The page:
Q: I have worked on large enterprise software systems but am now struggling working at a startup creating a Minimum Viable Product (MVP). I am a big believer in BDD and TDD, so I’ve developed a MVP that has high coverage and great specifications describing and asserting its behaviors in HTML with good pictures. My worry is that large chunks of my MVP may never be used again if the customer doesn’t like the demo. Also, I developed the MVP from the bottom up and I worry that I wrote tests for corner cases that may or may not be exercised in the demo.

A:  Daniel B. Markham (HN: DanielBMarkham ) gave a great answer  to “Should you TDD an MVP?” on HN a while back: ”The maintainability you’re looking for in a startup is your relationship with the customer.” Here are some excerpts from his full answer  (emphasis in original):

The question here is really “what’s the test?” You have to realize the MVP is the test.

For a startup, customers are how you pass the test. Anything else is a red light. So in the most important way possible, as long as you have no customers, you have a test which is failing.

This is important because the maintainability you’re looking for in a startup is your relationship with the customer. Manage that and the rest takes care of itself. If you are already in a business, yes, “maintainability” means writing code that will last. But if you’ve just got an idea or a dream, you’ve got nothing worth maintaining. Nor will you ever.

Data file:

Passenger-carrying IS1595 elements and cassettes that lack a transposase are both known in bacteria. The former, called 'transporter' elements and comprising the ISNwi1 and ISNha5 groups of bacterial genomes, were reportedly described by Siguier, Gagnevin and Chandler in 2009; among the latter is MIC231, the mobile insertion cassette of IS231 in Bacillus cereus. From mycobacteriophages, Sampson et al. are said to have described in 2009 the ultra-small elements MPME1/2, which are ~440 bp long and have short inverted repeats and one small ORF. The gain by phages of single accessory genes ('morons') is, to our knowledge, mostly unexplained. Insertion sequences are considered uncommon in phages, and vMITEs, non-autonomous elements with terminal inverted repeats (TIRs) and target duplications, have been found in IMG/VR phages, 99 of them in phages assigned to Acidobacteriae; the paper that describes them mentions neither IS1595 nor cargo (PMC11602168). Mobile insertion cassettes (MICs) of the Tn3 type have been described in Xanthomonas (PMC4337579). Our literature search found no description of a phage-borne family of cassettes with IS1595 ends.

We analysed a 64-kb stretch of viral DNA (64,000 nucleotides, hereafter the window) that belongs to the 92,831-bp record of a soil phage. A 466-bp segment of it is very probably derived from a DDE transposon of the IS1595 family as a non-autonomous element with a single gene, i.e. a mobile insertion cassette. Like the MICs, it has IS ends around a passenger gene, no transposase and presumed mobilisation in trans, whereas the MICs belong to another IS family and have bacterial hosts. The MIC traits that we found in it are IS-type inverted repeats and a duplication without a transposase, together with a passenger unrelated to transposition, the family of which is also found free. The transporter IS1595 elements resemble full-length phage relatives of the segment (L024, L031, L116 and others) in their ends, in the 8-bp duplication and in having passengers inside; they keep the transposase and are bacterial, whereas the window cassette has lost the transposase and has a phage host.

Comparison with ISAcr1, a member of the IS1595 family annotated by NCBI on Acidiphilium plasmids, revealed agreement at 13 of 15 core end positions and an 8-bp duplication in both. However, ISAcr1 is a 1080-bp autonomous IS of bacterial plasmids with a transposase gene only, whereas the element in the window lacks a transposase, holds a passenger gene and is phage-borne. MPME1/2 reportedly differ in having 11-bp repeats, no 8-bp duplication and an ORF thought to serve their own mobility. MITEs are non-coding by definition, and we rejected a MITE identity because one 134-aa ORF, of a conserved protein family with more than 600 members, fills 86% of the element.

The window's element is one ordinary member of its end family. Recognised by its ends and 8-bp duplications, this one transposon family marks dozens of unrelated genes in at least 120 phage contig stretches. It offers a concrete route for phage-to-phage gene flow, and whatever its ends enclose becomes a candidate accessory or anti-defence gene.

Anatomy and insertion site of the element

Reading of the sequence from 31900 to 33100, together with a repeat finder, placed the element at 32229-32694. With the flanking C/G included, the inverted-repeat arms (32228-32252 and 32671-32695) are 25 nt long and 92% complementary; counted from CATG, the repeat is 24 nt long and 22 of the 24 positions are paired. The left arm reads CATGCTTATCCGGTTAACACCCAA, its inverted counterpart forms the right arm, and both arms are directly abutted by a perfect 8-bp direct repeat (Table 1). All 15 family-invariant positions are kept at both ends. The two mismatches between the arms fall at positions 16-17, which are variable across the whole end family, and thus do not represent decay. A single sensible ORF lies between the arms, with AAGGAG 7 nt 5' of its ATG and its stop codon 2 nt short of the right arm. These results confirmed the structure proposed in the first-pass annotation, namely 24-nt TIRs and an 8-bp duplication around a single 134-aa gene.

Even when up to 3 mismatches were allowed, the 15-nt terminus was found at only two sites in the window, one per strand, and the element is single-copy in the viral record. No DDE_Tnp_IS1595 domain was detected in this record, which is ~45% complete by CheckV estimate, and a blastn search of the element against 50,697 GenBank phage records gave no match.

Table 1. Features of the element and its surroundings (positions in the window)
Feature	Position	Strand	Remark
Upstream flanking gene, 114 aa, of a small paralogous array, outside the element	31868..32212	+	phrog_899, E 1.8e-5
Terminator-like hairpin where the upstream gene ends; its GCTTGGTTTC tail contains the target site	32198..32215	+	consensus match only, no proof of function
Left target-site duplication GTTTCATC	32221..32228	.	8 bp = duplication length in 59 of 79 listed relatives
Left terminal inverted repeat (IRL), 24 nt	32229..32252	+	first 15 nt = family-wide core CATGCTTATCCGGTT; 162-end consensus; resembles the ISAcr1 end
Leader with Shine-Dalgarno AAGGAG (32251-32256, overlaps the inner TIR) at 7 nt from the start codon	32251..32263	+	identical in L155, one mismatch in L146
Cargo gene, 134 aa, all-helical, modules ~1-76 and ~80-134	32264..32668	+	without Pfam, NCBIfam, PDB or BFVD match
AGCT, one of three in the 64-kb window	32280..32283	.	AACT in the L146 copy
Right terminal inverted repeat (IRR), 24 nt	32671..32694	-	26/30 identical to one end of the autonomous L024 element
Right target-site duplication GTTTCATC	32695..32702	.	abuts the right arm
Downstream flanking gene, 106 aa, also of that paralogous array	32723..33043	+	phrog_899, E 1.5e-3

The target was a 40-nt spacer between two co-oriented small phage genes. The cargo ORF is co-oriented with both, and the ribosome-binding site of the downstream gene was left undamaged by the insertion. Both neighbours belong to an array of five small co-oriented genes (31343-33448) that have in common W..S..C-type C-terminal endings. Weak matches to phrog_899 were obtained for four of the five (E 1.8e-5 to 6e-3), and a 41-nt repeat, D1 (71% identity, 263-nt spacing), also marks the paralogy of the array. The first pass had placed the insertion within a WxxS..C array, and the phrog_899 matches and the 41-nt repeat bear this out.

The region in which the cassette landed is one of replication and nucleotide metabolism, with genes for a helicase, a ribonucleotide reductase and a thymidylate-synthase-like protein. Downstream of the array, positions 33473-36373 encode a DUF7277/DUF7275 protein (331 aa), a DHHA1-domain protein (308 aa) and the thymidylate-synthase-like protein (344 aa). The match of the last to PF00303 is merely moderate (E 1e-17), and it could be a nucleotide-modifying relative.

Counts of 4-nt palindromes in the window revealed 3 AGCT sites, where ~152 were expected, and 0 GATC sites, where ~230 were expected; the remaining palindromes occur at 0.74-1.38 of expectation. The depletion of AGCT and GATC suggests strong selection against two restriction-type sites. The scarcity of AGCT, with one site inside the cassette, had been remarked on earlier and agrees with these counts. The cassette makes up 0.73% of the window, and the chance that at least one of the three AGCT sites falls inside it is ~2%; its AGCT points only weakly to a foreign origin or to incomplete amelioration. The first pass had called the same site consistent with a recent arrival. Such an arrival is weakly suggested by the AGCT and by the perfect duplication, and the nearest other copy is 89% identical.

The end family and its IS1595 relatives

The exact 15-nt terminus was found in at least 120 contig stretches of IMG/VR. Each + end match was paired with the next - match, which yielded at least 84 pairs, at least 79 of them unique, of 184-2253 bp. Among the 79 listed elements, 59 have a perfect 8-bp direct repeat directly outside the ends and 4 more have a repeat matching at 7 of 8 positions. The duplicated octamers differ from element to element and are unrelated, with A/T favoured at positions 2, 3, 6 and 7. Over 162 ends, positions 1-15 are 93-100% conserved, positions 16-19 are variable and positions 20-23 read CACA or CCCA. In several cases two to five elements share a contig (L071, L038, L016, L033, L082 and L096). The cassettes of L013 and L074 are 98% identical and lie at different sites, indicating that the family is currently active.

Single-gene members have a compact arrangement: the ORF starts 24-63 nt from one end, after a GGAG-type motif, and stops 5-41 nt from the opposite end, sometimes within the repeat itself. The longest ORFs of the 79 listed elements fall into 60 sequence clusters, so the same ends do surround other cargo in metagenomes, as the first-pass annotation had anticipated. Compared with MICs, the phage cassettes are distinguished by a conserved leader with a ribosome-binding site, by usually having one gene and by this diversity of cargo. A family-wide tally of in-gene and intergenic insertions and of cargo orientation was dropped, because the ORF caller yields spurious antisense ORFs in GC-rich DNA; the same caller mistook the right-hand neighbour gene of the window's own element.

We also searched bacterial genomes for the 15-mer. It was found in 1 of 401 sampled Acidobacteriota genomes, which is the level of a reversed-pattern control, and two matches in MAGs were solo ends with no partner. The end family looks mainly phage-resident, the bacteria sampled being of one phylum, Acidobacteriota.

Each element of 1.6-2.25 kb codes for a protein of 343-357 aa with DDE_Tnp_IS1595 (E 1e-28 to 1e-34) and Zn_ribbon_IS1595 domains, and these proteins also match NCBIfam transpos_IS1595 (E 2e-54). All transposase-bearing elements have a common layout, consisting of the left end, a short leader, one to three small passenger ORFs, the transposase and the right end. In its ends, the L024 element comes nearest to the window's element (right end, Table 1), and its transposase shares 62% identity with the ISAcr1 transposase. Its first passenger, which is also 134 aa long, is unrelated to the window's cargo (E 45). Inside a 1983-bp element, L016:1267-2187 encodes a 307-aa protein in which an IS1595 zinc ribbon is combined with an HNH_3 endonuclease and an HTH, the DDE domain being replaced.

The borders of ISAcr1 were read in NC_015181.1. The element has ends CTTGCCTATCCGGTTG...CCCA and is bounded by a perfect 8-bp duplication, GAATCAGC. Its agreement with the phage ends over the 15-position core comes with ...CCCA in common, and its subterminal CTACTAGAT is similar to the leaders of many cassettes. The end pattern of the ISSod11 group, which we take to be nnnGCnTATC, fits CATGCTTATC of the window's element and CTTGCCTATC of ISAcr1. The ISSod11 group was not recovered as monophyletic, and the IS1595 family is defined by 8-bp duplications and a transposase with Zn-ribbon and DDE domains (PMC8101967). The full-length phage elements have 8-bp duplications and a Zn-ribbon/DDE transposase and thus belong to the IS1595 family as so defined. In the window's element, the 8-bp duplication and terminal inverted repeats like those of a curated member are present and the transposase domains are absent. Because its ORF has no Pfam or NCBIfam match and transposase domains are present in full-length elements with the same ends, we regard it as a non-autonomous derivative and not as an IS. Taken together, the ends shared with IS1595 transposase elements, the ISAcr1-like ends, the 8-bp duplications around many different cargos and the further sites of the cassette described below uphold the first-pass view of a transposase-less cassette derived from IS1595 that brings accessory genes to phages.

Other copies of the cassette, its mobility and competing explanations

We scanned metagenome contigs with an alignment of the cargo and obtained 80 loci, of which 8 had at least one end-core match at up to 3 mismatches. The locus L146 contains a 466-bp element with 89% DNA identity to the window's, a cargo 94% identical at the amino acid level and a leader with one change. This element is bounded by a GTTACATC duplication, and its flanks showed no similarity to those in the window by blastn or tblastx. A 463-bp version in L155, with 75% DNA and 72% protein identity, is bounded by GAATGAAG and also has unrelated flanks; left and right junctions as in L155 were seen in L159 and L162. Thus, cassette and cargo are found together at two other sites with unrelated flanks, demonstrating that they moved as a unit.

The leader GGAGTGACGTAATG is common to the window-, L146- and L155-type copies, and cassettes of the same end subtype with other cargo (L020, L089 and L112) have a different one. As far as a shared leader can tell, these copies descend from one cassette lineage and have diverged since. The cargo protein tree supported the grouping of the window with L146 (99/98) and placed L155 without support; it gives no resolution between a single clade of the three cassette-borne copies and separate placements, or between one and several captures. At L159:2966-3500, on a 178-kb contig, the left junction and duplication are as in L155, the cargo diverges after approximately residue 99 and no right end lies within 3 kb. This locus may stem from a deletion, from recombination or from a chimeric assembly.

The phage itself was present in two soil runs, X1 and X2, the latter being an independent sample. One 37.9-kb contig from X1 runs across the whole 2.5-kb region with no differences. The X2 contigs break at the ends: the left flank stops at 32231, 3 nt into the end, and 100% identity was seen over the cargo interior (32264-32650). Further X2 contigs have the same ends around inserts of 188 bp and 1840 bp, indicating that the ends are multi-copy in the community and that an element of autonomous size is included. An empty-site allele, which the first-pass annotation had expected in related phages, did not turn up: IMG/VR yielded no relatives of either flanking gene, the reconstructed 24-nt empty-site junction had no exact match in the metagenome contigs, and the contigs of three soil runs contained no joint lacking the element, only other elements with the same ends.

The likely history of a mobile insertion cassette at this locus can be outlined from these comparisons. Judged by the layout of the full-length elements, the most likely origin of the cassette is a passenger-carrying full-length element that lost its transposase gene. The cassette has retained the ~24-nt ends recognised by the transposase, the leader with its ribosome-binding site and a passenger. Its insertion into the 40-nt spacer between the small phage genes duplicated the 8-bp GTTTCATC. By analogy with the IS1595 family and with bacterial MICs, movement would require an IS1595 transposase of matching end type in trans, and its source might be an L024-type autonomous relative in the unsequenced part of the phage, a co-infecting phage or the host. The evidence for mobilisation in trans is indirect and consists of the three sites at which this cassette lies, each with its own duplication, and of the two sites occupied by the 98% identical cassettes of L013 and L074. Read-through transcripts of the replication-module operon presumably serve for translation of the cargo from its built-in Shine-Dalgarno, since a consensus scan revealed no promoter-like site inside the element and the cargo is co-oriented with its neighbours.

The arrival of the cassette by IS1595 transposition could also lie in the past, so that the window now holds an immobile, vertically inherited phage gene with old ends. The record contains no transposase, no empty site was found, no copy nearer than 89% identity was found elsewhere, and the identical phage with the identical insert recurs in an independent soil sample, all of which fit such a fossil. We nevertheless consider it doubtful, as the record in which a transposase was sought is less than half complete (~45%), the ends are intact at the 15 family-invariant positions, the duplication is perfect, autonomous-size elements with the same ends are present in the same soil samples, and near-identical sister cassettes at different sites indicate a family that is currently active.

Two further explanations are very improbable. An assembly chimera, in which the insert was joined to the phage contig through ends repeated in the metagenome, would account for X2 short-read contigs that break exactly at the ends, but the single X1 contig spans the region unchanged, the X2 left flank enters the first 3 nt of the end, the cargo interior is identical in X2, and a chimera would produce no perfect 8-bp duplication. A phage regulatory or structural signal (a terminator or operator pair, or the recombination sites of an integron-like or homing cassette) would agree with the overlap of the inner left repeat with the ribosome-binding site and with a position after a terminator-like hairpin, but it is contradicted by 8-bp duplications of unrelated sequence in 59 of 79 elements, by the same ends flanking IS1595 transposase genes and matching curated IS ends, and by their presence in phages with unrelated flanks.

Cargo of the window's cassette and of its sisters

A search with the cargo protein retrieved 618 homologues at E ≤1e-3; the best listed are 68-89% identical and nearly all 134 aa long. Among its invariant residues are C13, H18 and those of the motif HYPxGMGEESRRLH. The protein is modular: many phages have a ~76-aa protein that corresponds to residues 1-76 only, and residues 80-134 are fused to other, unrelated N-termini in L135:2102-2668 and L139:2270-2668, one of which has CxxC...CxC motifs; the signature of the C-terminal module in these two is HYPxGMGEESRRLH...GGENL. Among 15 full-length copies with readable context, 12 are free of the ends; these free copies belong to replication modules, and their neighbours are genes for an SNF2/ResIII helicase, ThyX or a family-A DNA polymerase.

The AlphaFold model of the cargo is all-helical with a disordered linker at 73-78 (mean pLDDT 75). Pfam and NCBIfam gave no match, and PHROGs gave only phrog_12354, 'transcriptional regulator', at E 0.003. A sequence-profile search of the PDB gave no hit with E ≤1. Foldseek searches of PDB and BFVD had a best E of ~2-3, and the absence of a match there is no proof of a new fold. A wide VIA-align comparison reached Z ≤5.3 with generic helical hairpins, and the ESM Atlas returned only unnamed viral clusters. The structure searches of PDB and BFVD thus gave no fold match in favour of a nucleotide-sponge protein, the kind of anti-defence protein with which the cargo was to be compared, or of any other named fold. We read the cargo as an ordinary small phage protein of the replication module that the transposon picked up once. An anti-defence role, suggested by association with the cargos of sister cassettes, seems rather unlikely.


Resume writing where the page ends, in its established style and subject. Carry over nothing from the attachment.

Put differently, your technical debt can never exceed the economic value of your code, which in a startup is extremely likely to be zero. (Different scenario entirely for project-based work for ongoing businesses, which is why TDD makes so much sense in that scenario).

Q: OK, but some customers pay us for demos and expect us to put the demos into production with little or no modification.  If we are given more money to operationalize the demo, it is for features missing from the demo.

A: These don’t sound like an MVP if it is only aimed at one customer and they are paying for it to be developed. I think your challenge is to determine the feature content for a contract development software project to be deployed at a single customer. This sounds like a question of getting agreement on needs and a specification, not how to take an MVP to 6 or 12 or 20 prospects and correlate their feedback.